Wednesday, August 20, 2008

Work integration

I’m fortunate in my job in that I get to partner with amazing colleagues, and business leaders on the cutting edge. Yesterday, I had lunch with one of them.

One of the topics we discussed was the changing world of work, and how technology impacts that world.

It’s a given that technology is here to stay, and isn’t going away. Amazingly, the issue of computer literacy continues to be a problem, as in too many job seekers really don’t have the requisite technology skills to succeed in today’s technologically-driven world.

While many assume that this is more a generational issue, I’m finding that even younger job seekers, most often perceived as most comfortable with technology, know how to convert that comfort into skills required in the world of work. Knowing how to surf the web isn’t a skill most businesses are looking for.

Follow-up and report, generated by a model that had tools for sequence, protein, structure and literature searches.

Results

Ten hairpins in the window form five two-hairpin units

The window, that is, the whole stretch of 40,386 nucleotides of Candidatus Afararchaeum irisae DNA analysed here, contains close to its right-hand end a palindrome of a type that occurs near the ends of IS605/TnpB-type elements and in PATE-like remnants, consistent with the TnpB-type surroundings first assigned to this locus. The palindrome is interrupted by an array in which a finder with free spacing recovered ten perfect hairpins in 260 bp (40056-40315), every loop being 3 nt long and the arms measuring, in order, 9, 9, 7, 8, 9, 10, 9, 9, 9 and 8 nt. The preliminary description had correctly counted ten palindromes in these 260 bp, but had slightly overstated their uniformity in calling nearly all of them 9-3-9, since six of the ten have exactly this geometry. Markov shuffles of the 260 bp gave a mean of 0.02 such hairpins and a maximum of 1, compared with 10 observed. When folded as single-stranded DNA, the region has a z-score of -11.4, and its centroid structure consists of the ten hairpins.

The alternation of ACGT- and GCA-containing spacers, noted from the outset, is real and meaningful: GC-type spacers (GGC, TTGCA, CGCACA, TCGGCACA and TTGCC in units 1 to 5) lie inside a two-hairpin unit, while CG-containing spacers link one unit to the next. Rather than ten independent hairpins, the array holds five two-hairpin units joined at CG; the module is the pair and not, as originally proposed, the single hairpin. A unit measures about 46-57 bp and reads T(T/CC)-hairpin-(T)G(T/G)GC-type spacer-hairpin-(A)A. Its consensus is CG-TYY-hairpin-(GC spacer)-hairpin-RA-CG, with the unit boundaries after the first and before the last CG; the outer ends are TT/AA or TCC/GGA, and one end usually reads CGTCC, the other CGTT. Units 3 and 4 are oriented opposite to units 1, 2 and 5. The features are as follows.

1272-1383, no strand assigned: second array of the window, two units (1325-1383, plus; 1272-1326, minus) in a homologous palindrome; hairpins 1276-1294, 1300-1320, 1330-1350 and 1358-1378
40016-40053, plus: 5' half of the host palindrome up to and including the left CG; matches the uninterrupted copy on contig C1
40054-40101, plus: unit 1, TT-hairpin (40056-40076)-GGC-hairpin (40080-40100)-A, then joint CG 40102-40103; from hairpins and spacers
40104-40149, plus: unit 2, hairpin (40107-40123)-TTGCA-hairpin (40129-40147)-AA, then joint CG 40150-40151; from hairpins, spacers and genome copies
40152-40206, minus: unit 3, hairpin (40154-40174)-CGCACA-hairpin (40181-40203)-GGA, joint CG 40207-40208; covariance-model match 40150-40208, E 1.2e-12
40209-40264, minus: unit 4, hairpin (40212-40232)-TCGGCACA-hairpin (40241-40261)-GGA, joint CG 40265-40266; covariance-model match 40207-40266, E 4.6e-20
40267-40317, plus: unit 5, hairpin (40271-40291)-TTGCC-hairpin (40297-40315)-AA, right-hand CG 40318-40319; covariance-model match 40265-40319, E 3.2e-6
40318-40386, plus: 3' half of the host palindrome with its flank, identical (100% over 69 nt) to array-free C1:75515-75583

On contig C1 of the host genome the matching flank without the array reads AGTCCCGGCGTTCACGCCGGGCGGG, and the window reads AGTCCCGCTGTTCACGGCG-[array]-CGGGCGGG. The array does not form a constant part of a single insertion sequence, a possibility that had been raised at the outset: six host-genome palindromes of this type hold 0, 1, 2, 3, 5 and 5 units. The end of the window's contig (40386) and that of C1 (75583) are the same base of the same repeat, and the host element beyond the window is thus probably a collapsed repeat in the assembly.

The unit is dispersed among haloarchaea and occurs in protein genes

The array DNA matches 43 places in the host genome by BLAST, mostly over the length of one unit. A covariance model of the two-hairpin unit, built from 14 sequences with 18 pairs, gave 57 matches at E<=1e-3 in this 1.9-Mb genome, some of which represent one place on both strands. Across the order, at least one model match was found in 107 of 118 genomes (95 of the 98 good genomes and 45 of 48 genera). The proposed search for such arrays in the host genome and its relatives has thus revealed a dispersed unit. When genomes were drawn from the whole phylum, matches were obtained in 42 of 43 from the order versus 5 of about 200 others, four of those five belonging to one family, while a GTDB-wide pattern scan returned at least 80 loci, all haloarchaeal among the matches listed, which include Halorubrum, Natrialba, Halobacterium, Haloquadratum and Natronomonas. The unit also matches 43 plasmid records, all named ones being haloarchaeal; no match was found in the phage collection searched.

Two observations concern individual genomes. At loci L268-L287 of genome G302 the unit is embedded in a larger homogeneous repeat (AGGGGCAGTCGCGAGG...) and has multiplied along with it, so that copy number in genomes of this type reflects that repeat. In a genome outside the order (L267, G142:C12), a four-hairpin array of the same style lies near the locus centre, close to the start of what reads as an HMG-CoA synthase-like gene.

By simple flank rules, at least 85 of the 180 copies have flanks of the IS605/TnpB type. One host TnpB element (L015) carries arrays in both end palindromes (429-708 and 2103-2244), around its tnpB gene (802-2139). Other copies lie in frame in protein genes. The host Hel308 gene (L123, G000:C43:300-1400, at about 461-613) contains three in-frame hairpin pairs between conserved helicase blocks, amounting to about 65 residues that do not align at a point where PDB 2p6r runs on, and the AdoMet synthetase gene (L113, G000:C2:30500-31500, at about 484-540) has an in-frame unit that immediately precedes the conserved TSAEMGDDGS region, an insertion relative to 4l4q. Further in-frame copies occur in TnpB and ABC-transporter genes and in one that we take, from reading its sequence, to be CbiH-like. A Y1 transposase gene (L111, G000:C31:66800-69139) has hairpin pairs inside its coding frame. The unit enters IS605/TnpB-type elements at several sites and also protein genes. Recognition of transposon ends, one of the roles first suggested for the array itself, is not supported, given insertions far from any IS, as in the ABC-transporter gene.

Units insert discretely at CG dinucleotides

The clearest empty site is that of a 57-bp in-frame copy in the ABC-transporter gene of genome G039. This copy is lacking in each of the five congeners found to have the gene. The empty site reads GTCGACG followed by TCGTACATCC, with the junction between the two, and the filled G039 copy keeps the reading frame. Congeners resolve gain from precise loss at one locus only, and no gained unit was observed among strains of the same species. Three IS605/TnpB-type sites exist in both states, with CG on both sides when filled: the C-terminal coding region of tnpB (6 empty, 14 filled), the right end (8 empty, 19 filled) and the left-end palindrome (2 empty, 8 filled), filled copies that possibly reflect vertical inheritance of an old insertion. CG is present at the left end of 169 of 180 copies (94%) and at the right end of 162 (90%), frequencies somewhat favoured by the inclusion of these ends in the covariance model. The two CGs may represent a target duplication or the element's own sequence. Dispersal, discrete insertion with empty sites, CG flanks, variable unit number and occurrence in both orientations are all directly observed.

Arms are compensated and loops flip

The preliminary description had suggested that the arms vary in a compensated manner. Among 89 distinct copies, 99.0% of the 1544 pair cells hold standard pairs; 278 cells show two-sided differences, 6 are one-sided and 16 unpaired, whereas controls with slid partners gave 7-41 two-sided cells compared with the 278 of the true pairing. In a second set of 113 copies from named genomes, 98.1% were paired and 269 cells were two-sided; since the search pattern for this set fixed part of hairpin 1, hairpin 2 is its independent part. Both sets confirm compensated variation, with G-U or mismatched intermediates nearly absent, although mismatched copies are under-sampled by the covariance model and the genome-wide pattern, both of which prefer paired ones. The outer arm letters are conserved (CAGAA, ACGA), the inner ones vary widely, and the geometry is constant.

Certainly, a generational case could be made that younger workers generally have better technology skills than older workers, and that multi-tasking is a way of life for them. At the same time, despite their intuitive grasp of technology, studies indicate that they might be lacking in other essential skills.

I think it’s possible to integrate younger workers’ traits and work styles into established company cultures. In fact, it behooves all of us to make sure that we do, while at the same time, making sure that younger workers learn essential skills; how to communicate clearly and concisely (preferably using proper grammar, or a close approximation), know how to fit in with the team, can manage conflict appropriately, and understand why your company has the policies and procedures that it does. Younger workers could also learn a few tricks from their older colleagues about networking (as in face-to-face, not web-based), and the importance of it.

While I recognize the generational differences in today’s workforce, I also believe that it’s advantageous, and essential, particularly with the right kind of leadership facilitating the integration.

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